FAO Food Price Index increased for the fourth consecutive month, with prices of most commonly-traded food commodities up.
World food prices rose for the fourth consecutive month in January. The FAO Food Price Index averaged 182.5 points during the month, up 0.7 percent from December and 11.3 percent higher than the same month a year earlier. Vegetable oils, sugar, and wheat were the chief drivers of the index, which tracks monthly changes in the international prices of commonly-traded food commodities.
The FAO Vegetable Oil Price Index increased 7.0 percent for the month, hitting a three-year high as prices for palm, soy, sunflower and rapeseed oils all rose. Prices lost strength in the second half of January, however, reflecting uncertainties over trade, the potential impact of the recent coronavirus outbreak and trade tensions between India and Malaysia.
The FAO Sugar Price Index rose 5.5 percent, propelled by expectations of much lower sugar output in several major producing countries. The increase was mitigated by the continuous weakness of the Brazilian currency and the recent decline in crude oil prices, which affects demand for sugarcane to make ethanol. The FAO Cereal Price Index rose 2.9 percent from December, led by higher wheat prices, followed by maize and rice, largely on firmer demand and a faster pace in purchases by several countries.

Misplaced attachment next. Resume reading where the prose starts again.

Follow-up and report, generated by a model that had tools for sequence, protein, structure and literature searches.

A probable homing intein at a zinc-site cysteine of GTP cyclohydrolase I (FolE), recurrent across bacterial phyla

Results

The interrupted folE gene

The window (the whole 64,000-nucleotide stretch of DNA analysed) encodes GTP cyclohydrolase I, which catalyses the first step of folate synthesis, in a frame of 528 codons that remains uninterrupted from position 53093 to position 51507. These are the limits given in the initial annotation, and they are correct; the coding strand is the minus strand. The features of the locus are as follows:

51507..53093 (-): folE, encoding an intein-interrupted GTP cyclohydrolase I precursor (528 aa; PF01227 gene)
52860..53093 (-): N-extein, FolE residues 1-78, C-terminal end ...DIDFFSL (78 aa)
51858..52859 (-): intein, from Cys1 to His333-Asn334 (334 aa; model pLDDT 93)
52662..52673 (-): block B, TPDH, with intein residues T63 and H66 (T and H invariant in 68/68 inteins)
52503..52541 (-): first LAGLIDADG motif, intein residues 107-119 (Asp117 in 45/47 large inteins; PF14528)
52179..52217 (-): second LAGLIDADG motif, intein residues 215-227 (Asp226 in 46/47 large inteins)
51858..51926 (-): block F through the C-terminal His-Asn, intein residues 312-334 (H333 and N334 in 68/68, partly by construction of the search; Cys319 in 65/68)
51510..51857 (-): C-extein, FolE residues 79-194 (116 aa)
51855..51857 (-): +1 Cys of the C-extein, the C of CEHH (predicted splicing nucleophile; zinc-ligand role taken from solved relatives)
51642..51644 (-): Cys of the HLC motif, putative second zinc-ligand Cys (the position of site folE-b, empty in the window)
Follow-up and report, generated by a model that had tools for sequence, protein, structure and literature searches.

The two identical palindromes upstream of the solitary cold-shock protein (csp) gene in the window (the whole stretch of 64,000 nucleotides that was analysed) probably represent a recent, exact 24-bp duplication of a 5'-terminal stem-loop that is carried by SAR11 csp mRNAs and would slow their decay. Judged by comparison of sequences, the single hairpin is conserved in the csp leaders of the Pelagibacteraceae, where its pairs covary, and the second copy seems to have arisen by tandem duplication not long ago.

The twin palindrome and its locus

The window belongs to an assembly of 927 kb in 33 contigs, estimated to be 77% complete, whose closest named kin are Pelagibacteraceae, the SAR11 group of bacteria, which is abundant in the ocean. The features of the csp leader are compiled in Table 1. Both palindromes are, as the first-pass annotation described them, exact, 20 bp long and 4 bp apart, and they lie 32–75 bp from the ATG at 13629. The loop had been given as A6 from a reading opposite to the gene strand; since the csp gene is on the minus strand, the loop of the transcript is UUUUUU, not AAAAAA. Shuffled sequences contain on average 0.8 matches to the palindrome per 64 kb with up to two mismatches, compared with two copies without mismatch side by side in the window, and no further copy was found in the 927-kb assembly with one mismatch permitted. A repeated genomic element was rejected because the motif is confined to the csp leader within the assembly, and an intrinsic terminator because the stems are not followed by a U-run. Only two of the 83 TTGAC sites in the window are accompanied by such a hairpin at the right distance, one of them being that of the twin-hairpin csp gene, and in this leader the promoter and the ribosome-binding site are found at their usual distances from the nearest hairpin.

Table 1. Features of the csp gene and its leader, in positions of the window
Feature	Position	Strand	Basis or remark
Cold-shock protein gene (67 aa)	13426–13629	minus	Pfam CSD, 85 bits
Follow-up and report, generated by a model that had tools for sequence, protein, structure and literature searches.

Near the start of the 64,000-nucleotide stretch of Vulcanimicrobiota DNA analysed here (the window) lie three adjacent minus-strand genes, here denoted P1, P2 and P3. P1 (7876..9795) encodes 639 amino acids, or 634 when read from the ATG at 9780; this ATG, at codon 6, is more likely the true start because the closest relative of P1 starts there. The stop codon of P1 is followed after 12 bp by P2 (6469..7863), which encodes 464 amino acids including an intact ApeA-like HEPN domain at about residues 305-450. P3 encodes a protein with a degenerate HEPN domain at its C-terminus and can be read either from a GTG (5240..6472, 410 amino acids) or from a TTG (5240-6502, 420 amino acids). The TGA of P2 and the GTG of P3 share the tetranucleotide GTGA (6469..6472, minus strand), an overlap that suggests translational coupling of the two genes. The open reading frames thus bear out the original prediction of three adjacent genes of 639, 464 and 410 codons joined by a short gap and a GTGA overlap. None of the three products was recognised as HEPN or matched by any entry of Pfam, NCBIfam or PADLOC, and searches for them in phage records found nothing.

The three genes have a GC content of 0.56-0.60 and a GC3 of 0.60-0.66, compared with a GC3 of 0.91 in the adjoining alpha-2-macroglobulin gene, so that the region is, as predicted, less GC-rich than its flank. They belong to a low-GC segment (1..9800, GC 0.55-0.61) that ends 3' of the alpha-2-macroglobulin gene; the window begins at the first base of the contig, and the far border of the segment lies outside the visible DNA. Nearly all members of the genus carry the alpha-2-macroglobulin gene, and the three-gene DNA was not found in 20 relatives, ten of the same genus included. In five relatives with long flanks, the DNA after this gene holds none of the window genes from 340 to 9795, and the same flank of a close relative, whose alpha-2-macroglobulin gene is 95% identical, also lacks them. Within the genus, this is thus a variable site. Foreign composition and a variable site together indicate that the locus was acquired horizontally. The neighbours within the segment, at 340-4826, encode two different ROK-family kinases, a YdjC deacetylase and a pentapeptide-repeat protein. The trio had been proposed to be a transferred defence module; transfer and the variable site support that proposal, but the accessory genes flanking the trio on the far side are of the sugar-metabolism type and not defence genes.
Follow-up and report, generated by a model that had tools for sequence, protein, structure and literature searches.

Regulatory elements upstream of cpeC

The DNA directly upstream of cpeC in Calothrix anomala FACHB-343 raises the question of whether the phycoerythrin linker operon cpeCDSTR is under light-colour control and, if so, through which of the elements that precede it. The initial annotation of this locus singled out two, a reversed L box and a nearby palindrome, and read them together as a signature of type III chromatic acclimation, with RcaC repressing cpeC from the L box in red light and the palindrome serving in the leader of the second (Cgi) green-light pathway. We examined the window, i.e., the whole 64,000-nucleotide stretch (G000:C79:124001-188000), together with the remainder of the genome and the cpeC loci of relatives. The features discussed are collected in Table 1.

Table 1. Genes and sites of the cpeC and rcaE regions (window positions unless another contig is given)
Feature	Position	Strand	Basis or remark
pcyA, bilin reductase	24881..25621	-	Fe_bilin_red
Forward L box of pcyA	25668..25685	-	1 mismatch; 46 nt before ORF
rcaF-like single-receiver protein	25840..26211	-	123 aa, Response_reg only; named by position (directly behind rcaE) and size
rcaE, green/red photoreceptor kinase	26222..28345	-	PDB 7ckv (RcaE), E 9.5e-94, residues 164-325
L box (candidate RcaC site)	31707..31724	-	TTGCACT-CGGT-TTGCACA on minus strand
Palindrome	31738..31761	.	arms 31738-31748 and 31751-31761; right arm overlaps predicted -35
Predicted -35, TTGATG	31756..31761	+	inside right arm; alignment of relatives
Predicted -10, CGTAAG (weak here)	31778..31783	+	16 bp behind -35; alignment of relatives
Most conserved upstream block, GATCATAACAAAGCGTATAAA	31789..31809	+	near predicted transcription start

RECORD CEREAL OUTPUT IN 2019
FAO also issued a new forecast for world cereal production in 2019, anticipating a record high of 2 715 million tonnes, a 2.3 percent increase from the previous year. The new Cereal Supply and Demand Brief noted "mixed" prospects for the upcoming 2019 coarse grain harvests in the Southern Hemisphere, which are about to start. Argentina's maize crop is set to benefit, buoyed by favourable rainfall, above-average sown area, high domestic prices and strong export prospects. The slow pace of the soybean harvest has led to delays in sowing maize in neighboring Brazil.
In the Northern Hemisphere, winter wheat plantings are expected down in Europe due to untimely heavy rains in France and the United Kingdom, while a contracting in winter cereals sowing is expected in Ukraine and the United States of America. By contrast, stronger outturns are expected in the Russian Federation, where official estimates show a record planted area for winter wheat, and in India and Pakistan.
World cereal stocks by the close of seasons in 2020 are expected to amount to 863.3 million tonnes, marginally lower than their opening levels. The resulting global cereal stock-to-use ratio is now projected at 30.9 percent, a comfortable level by historical standards.
World trade in cereals in 2019/20 is anticipated to rise 2.3 percent to 420.2 million tonnes, the second highest on record, led by increasing shipments of wheat from the European Union and Ukraine to Asia.